DISCOVERY

Plaintiff shall not commence discovery until an answer or dispositive motion has been filed on behalf of the defendants from whom discovery is sought by the plaintiff. The Defendants shall not commence discovery until such time as an answer or dispositive motion has been filed. Once an answer or dispositive motion has been filed, the parties are authorized to seek discovery from one another as provided in the Federal Rules of Civil Procedure. The deposition of the Plaintiff, a state/county prisoner, may be taken at any time during the time period hereinafter set out provided prior arrangements are made with his custodian. Plaintiff is hereby advised that failure to submit to a deposition may result in the dismissal of his lawsuit under Rule 37 of the Federal Rules of Civil Procedure.

IT IS HEREBY ORDERED that discovery (including depositions and the service of written discovery requests) shall be completed within 90 days of the date of filing of an answer or dispositive motion by the defendant (whichever comes first) unless an extension is otherwise granted by the court upon a showing of good cause therefor or a protective order is sought by the defendants and granted by the court. This 90-day period shall run separately as to Plaintiff and each Defendant beginning on the date of filing of each Defendant's answer or dispositive motion (whichever comes first). The scheduling of a trial may be advanced upon notification from the parties that no further discovery is contemplated or that discovery has been completed prior to the deadline.

Discovery materials shall not be filed with the Clerk of Court. No party shall be required to respond to any discovery not directed to him/her or served upon him/her by the opposing counsel/party. The undersigned incorporates herein those parts of the Local Rules imposing the following limitations on discovery: except with written permission of the court first obtained, INTERROGATORIES may not exceed TWENTY-FIVE (25) to each party, REQUESTS FOR PRODUCTION OF DOCUMENTS AND THINGS under Rule 34 of the FEDERAL RULES OF CIVIL PROCEDURE may not exceed TEN (10) requests to each party, and REQUESTS FOR ADMISSIONS under Rule 36 of the FEDERAL RULES OF CIVIL PROCEDURE may not exceed FIFTEEN (15) requests to each party. No party shall be required to respond to any such requests which exceed these limitations.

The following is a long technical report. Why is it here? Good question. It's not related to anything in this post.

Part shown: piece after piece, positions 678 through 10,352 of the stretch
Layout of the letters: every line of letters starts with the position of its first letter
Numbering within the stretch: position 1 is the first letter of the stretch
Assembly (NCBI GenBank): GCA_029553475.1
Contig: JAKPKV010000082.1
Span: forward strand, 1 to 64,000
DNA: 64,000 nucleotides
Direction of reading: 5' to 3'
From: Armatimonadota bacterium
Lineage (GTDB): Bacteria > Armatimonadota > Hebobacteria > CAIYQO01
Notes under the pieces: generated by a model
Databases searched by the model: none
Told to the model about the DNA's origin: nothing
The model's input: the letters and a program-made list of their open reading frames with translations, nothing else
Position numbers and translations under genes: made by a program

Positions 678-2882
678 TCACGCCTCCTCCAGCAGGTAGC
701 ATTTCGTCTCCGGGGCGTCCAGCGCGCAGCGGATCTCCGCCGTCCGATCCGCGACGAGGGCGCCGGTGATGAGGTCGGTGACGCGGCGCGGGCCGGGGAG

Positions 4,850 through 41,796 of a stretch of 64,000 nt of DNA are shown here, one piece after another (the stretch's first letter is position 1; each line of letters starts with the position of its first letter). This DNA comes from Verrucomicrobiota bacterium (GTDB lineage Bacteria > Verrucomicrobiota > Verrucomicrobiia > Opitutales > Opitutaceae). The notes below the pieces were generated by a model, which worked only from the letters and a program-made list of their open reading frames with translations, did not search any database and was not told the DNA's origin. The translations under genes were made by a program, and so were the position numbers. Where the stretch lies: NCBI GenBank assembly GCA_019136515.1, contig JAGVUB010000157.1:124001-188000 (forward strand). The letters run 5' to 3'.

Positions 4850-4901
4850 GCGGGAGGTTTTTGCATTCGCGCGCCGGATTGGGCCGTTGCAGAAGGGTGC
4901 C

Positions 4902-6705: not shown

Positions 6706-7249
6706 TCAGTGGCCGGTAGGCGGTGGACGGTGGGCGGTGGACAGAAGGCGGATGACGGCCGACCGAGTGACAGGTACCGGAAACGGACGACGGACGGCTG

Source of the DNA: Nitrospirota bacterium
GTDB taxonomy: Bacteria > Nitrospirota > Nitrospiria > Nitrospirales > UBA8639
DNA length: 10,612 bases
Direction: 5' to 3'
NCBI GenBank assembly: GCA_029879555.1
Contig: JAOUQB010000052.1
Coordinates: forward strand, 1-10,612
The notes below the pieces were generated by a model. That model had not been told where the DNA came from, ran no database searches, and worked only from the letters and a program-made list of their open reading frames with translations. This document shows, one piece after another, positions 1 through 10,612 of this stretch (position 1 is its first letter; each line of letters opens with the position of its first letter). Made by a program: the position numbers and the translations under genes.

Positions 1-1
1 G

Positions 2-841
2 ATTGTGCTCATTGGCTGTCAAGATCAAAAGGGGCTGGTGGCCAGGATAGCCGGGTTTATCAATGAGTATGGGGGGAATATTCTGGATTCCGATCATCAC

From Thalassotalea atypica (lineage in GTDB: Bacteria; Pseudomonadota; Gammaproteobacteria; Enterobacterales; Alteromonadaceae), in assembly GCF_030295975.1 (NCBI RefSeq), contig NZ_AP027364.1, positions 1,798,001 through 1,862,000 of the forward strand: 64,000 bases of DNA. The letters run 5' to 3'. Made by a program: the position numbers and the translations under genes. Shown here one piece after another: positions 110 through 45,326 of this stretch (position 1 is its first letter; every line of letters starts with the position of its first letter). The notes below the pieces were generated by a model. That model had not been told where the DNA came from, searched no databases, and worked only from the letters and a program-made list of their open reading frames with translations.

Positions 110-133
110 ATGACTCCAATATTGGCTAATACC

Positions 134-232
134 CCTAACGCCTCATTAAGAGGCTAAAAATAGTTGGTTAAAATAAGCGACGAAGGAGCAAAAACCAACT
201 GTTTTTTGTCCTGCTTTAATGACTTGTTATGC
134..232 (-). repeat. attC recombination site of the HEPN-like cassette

REQUESTS FOR DISMISSAL AND/OR JUDGMENT

The Court shall not consider requests for dismissal of or judgment in this action, absent the filing of a motion therefor accompanied by a brief/memorandum of law citing supporting authorities. Dispositive motions should be filed at the earliest time possible, but in any event no later than one hundred-twenty (120) days from when the discovery period begins, unless otherwise directed.

DIRECTIONS TO CUSTODIAN OF PLAINTIFF

In accordance with the Prison Litigation Reform Act, Plaintiff's custodian is hereby directed to remit to the Clerk of this Court each month twenty percent (20%) of the preceding month's income credited to Plaintiff's inmate account until the $350.00 filing fee has been paid in full, provided the amount in the account exceeds $10.00. Transfers from Plaintiff's account shall continue until the entire filing fee has been collected, notwithstanding the earlier dismissal of Plaintiff's lawsuit.

PLAINTIFF'S OBLIGATION TO PAY FILING FEE

If Plaintiff is hereafter released from custody, he shall remain obligated to pay any remaining balance due of the above filing fee; Plaintiff shall continue to remit monthly payments as required by the Prison Litigation Reform Act. Collection from Plaintiff of any balance due by any means permitted by law is hereby authorized in the event Plaintiff fails to remit payments.

SO ORDERED AND RECOMMENDED.